Patbingsu (팥빙수) is the Korean version of the shaved ice dessert. The earliest forms of patbingsu consisted of shaved ice and two or three ingredients, including red bean paste, tteok, and groundnut powder. In fact, the combination of red bean paste and shaved ice is known to be a Korean invention, and nowadays Koreans are very proud of their national dessert – it is eaten everywhere! Popular ingredients of patbingsu include fruit cocktail, whipped cream, ice cream, green tea powder, and maraschino cherries, although many patbingsu nowadays do not include the famous red bean paste, which must be due to the changing taste of the consumer.
Kakigori (かき氷) is a shaved ice dessert from Japan that is usually flavoured with syrup and condensed milk. To sweeten Kakigori, condensed or evaporated milk is often poured on top of it. It is similar to a snow cone, but with some notable differences: it has a much smoother fluffier ice consistency, much like fresh fallen snow, and a spoon is almost always used to eat it. The traditional way of making Kakigori uses a hand cranked machine to spin a block of ice over an ice shaving blade. Popular flavours include strawberry cheesecake, lemon, matcha green tea, and mango!
Baobing (剉冰) is a popular shaved ice dessert in mainland China, especially during the scorching summer months. It is available with a variety of toppings, but most common seems to be fresh mango (when in season). What sets Baobing apart from many others I’ve tried in different countries is the fine quality of the ice – it resembles fluffy snow that just beckons you to make a decoration out of it! Atop the shaved ice, choose from toppings like strawberries, mung beans, grass jelly, or even a scoop of ice cream!
Xue Hua Bing
Xue Hua Bing (雪花冰) is a variation from Taiwan and is commonly referred to as “Taiwanese Snow Ice”. Although visually quite similar, rather than flaky bits of ice like the Baobing, the base of Xue Hua Bing is typically layered-sheets of frozen condensed milk. Consistency is achieved through the milky base and a special machine that shaves the ice. Some might say the result is among the best-looking of all shaved ice desserts! Xue Hua Bing is a major treat in Taiwan’s night markets, and as well as fresh cream and chocolate sprinkles.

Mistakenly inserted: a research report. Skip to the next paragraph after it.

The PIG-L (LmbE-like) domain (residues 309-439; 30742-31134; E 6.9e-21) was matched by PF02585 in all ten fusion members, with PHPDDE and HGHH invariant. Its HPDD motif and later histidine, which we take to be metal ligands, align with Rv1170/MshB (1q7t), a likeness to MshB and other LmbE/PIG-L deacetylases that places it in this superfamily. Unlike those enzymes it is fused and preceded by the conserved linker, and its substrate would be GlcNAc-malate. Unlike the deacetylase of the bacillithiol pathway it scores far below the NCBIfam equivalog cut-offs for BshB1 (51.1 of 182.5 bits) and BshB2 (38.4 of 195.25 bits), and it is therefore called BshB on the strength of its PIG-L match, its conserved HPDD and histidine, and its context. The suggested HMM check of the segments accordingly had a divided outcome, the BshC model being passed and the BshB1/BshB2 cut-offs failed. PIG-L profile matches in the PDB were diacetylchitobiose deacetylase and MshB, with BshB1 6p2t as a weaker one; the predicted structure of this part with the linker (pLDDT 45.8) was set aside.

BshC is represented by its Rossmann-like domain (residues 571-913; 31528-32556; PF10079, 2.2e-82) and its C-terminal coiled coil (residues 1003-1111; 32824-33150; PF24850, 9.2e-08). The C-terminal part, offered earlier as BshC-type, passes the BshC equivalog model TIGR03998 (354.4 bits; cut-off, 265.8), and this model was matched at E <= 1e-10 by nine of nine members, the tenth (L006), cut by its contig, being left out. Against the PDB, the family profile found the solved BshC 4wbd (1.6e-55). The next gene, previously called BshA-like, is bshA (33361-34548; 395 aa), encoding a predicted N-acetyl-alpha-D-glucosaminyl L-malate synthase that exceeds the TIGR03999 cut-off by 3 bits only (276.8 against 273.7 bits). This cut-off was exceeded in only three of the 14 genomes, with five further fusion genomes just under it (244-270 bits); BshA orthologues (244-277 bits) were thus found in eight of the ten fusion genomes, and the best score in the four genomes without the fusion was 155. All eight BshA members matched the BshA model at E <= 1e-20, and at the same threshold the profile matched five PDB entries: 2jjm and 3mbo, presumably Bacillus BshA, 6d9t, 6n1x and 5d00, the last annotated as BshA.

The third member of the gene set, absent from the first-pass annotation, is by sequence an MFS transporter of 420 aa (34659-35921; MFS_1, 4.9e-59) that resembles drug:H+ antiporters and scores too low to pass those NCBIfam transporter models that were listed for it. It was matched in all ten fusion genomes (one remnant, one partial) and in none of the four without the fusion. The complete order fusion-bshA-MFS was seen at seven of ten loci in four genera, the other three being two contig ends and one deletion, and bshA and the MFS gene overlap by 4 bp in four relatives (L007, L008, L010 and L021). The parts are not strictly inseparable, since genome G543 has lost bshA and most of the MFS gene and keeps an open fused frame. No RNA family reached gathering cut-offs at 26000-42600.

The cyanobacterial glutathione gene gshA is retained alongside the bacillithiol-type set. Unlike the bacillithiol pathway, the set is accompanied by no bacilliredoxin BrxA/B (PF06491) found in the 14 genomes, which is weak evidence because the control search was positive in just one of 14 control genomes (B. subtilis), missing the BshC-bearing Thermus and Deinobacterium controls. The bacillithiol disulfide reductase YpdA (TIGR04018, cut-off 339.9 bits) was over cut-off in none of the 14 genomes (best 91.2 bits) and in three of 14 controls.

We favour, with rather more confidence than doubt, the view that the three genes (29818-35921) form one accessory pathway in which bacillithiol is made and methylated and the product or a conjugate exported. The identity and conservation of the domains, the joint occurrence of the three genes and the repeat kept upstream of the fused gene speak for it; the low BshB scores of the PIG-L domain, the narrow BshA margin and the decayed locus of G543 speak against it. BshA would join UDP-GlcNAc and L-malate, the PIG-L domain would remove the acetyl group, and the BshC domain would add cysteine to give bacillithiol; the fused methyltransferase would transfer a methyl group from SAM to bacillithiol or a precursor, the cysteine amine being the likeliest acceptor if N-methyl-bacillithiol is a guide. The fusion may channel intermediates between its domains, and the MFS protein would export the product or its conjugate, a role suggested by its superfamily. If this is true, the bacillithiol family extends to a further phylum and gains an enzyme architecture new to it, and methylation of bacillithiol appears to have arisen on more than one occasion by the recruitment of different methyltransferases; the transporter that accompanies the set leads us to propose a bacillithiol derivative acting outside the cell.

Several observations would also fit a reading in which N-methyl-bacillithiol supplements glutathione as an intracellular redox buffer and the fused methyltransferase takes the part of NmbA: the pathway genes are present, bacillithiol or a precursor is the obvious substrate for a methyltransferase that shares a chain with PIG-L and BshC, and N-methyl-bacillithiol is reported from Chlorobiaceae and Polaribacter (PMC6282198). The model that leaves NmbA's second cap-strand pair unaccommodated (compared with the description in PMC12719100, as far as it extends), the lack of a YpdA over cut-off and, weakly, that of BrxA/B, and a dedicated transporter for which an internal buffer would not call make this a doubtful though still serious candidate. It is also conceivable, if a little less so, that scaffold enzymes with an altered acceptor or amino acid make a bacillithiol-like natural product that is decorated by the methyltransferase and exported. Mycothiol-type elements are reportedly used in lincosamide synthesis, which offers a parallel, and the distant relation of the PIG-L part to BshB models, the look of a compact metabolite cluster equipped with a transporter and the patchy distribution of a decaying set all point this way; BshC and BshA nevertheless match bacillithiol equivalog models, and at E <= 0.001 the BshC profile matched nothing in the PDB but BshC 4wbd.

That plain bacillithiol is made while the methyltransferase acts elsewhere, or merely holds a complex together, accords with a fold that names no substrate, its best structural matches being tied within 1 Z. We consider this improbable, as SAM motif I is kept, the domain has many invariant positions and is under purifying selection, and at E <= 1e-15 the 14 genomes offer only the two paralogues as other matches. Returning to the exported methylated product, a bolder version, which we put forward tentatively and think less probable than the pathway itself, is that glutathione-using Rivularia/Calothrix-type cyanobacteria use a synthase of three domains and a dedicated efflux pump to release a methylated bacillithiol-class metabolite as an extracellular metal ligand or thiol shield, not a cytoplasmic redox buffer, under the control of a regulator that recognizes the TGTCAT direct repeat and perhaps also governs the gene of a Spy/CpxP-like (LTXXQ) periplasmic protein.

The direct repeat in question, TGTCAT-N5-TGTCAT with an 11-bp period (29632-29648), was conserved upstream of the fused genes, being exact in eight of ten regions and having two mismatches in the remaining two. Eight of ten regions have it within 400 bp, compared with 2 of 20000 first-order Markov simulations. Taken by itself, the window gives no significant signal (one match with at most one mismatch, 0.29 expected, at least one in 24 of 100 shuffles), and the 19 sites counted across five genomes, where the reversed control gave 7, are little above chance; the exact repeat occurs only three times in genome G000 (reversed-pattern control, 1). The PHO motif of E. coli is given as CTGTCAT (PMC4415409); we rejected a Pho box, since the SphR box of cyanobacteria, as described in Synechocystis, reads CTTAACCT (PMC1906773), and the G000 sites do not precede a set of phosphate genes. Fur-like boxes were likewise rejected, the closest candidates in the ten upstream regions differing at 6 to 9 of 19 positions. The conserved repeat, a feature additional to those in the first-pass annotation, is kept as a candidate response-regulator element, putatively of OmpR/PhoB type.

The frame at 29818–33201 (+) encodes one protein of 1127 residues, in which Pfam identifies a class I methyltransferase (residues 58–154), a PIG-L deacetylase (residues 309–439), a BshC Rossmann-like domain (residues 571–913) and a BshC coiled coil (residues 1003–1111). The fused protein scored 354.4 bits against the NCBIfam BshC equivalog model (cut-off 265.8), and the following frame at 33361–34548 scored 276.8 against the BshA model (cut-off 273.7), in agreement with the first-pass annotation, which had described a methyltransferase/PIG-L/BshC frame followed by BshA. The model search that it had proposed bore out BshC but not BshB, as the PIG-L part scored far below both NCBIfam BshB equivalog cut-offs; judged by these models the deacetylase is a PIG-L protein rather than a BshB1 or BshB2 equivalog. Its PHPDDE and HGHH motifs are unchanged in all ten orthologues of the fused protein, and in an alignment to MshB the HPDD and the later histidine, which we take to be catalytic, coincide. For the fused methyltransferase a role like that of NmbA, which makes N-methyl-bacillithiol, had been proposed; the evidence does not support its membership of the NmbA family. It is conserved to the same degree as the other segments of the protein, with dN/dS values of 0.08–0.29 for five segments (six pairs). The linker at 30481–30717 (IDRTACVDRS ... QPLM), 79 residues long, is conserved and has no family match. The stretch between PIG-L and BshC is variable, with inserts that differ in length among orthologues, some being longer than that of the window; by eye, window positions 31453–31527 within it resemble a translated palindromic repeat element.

Nam Kang Sai
Nam Kang Sai (น้ำแข็งใส) is the most commonly shaved ice found on the streets of Thailand, and the perfect cool-down treat for a hot day. This icy dessert is similar to that of a snow cone, but served in a bowl (or in a bag if purchased off the streets of Thailand). A mound of crushed ice can be topped with several options: pieces of Jackfruit, coconut jelly, candied taro, water chestnuts, kernels of sweet corn, pandan flavored droplets, toddy palm and more! Drizzled with coconut milk or condensed milk, the textures of all the variety of toppings with the crunch of ice in a milky bath calls for a memorable dessert!
Ais Kacang, meaning “ice beans”, is a Malaysian dessert (also common in Singapore). Traditionally, an ice shaving machine is used to churn out the shaved ice used in the dessert. Many coffee shops, hawker centres, and food courts offer this dessert, and it generally comes in bright colours, and almost always contain a large serving of attap chee (palm seed), red beans, grass jelly, and cubes of agar, while other less-common ingredients include durian, cendol, or nata de coco. A final topping of coconut milk is drizzled over the mountain of ice along with red rose syrup (mainly for taste purposes, rather than for visual style).
Halo-Halo is the Filipino shaved ice variant which contains nearly as much evaporated milk as shaved ice, to which various boiled sweet beans, jelly, jackfruit, crushed rice, and even cheese are added. In the Philippines, Halo-Halo (which means “mixed together” in Tagalog) is typically served in a tall glass or bowl. Most of these ingredients are first placed inside the tall glass, followed by the shaved ice. This is then sprinkled with sugar, and topped with leche flan, purple yam, and/or ice cream.